If, even with a studio to work with, all you’ve ended up doing is hanging up a roll of seamless, and that’s all anyone sees as the background in the final images, was the studio space even necessary? That’s a question you’ll have to answer for yourself.
Working in a photography studio just for its own sake shouldn’t be a given. Maybe you prefer the look of real-world environments for your portraits. If you like the look of outdoor photography, street portraits, editorial-style images with a sense of nature or urban settings, you’re not going to want to be stuck in a studio.
Full-time boudoir photographers might find it beneficial to invest in their own studio space, props and decor. Part-time boudoir photographers wanting posh environments will probably save a lot of money by just shooting in a hotel room rather than trying to recreate those looks in the studio. Many boudoir photographers, like myself, don’t prominently feature the boudoir environment as much as creatively “hint” at it in the photos, focusing more on the subject. So, an actual boudoir set or environment isn’t always necessary.
In general, if your working style and requirements don’t call for a studio, a studio might actually place limits on the ways you work best.
I Use a Photography Studio, Sometimes
I’ve considered running my own studio. But at this point, that would require work that goes beyond what I got into photography for in the first place. I’d have to focus my efforts on booking clients all the time, or renting studio time to other photographers just to afford the space. I don’t think I’d be interested in doing that right now.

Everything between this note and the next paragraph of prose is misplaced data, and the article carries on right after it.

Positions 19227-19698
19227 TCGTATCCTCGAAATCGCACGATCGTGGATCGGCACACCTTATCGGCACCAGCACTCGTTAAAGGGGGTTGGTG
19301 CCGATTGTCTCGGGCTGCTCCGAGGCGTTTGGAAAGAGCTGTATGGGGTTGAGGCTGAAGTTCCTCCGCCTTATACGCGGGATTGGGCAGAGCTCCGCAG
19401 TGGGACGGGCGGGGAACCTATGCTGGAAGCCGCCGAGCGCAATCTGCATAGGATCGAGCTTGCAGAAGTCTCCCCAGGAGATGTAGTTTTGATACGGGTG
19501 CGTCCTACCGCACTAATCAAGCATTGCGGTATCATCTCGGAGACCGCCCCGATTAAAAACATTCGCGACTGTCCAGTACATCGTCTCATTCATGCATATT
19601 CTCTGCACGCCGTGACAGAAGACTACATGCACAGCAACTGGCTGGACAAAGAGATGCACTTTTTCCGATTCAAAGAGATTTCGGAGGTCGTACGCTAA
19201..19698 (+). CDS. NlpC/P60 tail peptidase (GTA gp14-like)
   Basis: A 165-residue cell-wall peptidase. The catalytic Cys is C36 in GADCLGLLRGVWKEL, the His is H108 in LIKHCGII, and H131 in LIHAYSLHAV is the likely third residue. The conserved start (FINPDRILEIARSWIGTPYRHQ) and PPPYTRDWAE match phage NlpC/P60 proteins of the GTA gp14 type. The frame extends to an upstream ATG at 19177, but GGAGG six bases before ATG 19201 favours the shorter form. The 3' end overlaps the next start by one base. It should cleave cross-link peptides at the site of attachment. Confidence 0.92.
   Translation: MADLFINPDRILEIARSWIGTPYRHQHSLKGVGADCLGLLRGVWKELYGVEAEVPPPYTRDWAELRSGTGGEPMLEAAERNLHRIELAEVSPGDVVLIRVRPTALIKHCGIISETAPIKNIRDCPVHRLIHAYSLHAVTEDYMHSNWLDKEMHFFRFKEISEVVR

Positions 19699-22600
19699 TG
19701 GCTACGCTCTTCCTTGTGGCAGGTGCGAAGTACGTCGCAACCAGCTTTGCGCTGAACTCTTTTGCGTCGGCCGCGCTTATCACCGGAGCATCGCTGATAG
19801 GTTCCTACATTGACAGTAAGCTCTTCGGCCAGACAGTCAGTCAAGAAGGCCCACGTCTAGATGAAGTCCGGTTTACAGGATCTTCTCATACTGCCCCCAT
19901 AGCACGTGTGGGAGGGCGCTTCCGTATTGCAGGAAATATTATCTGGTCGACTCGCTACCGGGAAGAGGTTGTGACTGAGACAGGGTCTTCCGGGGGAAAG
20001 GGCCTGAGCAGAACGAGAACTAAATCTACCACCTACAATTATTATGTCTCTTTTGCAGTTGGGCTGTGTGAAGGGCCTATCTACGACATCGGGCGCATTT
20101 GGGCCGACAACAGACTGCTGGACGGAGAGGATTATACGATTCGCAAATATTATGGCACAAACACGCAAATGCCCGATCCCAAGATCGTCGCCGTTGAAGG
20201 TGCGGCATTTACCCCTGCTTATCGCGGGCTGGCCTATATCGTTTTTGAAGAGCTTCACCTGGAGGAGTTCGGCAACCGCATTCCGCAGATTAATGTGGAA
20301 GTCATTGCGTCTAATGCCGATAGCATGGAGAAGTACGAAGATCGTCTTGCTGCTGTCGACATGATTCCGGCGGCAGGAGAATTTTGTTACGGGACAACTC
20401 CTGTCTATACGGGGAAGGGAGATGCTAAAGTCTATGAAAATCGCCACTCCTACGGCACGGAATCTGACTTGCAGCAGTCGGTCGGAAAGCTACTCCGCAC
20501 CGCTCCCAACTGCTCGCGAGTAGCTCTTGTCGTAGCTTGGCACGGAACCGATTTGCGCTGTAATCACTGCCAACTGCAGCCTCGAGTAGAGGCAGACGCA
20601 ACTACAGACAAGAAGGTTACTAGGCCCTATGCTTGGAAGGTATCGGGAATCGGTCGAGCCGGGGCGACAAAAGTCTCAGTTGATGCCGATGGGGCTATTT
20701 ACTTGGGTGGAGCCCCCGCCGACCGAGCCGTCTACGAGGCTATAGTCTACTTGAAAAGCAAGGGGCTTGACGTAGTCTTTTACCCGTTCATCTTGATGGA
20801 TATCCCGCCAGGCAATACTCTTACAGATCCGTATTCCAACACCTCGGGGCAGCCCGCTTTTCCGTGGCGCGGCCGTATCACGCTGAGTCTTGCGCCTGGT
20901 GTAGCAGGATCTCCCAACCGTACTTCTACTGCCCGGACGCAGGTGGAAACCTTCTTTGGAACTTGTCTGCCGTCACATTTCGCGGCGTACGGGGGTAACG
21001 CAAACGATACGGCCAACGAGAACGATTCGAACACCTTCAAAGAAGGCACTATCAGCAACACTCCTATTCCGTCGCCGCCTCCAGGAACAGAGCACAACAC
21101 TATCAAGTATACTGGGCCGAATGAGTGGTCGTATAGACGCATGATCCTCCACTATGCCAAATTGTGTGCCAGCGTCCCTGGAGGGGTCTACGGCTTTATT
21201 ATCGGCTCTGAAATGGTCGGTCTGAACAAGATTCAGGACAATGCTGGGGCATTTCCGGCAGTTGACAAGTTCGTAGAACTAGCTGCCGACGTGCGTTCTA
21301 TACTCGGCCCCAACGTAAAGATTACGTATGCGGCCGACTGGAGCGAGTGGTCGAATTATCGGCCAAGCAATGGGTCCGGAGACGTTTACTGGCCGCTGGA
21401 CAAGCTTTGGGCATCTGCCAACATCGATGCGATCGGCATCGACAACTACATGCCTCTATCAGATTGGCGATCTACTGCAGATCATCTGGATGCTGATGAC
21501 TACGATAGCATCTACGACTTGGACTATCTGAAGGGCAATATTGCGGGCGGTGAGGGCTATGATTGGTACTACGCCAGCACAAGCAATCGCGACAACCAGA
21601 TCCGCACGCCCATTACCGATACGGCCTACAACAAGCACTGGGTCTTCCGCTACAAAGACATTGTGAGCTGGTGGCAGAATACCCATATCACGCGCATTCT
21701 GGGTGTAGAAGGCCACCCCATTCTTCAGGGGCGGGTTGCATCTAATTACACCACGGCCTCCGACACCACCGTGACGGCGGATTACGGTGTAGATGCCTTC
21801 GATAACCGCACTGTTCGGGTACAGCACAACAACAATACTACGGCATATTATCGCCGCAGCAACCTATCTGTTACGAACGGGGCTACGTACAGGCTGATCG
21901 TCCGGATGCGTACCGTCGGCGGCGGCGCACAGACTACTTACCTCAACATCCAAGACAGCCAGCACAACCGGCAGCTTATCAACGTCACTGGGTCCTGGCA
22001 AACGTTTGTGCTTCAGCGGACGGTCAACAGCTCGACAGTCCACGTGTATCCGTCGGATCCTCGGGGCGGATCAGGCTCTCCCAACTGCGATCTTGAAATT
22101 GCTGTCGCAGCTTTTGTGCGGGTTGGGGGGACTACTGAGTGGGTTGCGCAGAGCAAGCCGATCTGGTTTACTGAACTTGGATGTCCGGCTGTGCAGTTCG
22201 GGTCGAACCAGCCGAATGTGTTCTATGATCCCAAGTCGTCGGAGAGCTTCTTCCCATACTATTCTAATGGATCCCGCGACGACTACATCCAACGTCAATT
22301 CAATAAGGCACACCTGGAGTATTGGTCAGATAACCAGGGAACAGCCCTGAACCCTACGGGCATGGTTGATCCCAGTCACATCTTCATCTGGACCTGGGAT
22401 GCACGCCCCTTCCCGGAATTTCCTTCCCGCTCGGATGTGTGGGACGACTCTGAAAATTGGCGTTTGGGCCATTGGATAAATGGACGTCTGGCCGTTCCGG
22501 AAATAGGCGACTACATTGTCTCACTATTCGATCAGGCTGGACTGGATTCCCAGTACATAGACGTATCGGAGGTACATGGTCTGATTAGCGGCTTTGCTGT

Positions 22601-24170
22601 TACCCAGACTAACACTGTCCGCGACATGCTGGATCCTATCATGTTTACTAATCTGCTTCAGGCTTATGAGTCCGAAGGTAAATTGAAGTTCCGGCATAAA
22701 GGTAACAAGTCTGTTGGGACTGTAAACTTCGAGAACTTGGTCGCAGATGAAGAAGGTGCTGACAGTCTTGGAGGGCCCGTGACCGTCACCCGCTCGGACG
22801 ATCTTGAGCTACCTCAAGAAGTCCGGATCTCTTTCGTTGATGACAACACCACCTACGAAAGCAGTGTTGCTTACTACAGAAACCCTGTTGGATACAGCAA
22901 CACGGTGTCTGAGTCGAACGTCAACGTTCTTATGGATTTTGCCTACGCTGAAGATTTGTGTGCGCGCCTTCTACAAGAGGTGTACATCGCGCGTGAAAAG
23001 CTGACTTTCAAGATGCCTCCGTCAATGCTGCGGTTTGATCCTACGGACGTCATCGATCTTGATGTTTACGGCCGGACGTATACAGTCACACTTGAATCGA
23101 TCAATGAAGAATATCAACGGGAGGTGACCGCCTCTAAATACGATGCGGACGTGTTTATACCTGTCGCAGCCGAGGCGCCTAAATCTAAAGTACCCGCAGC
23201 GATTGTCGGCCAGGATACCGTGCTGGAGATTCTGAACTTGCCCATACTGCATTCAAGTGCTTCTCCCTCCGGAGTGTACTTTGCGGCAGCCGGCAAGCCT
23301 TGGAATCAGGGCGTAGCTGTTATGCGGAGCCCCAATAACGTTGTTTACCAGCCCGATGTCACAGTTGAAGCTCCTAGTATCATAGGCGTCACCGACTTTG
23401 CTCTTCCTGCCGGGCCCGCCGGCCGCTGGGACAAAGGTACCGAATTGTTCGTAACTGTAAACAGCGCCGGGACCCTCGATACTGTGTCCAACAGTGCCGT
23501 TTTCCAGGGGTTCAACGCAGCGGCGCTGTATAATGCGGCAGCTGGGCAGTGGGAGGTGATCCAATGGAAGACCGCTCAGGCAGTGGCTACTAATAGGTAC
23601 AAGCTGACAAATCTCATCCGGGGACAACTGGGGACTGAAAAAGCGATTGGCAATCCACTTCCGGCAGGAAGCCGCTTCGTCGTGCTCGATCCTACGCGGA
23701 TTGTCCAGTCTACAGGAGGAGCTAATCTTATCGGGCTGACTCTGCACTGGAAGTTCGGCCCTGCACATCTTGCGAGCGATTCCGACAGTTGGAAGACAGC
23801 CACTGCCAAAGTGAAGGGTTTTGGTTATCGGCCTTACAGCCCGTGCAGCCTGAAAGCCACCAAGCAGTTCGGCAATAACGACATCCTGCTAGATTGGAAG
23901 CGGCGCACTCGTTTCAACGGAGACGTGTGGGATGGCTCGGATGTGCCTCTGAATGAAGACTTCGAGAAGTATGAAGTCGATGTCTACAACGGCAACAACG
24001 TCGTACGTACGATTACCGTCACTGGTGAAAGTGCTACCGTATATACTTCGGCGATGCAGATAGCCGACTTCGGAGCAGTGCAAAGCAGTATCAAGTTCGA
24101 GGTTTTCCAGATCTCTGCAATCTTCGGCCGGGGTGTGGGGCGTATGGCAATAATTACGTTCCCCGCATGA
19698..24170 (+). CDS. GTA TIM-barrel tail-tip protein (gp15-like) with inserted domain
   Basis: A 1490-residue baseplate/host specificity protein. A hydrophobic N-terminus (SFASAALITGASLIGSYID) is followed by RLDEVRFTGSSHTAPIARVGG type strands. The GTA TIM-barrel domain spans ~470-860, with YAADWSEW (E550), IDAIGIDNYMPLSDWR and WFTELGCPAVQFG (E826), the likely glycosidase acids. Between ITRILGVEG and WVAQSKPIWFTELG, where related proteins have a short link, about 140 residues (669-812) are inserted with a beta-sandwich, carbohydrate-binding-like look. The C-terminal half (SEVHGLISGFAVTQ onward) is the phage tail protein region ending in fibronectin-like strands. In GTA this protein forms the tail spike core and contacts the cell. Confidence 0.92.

I have, at times, purchased monthly time in a professional studio. Block rates tended to be less expensive than standard rates. But I had to pay a set amount every month and find available slots in the studio’s schedule because other photographers were also booking blocks. Once the time was paid for, I had to use it or lose it. And frankly, there were times that I had the studio booked and, for one reason or another, a shoot didn’t happen that day. So, that was wasted money.
Don’t get me wrong, most of the time, I made very good use of the studio. Yes, some of the shoots could’ve happened outdoors or at my apartment. But there were plenty of times I was glad that the shoots were happening at the studio location. I will continue to rent studio space on an as-needed basis. But those times have been few and far between in recent years.
Should You Rent Studio Time?
If you own your own studio, and it doesn’t suck your time and money away from other important things, I don’t see much of a downside to it. But if you’re thinking about booking time at a studio, consider that it’s just a room after all. And this room’s got rules you have to follow, and insurance requirements you have to meet. Still, although working in a studio won’t make you a better photographer, it can make shoots easier and more enjoyable sometimes.
Some studios have nice amenities for you and your crew. Like rest areas, makeup and wardrobe areas. And, yes if you do have a crew, you might want to do your shoot in a proper photography studio just to keep things manageable. Personally, I don’t want a bunch of people milling about, having unsupervised access to my home when I’m behind the camera.
Some studio rentals allow for the use of lighting and gear you don’t otherwise have access to. This is a great way to save money and experiment with lighting equipment you don’t own. Plus, you don’t have to lug lighting gear to the studio if it’s already there!
It all comes down to practicality, money, and usefulness. I don’t usually have the need to work out of a rented studio, but there are times when it makes sense.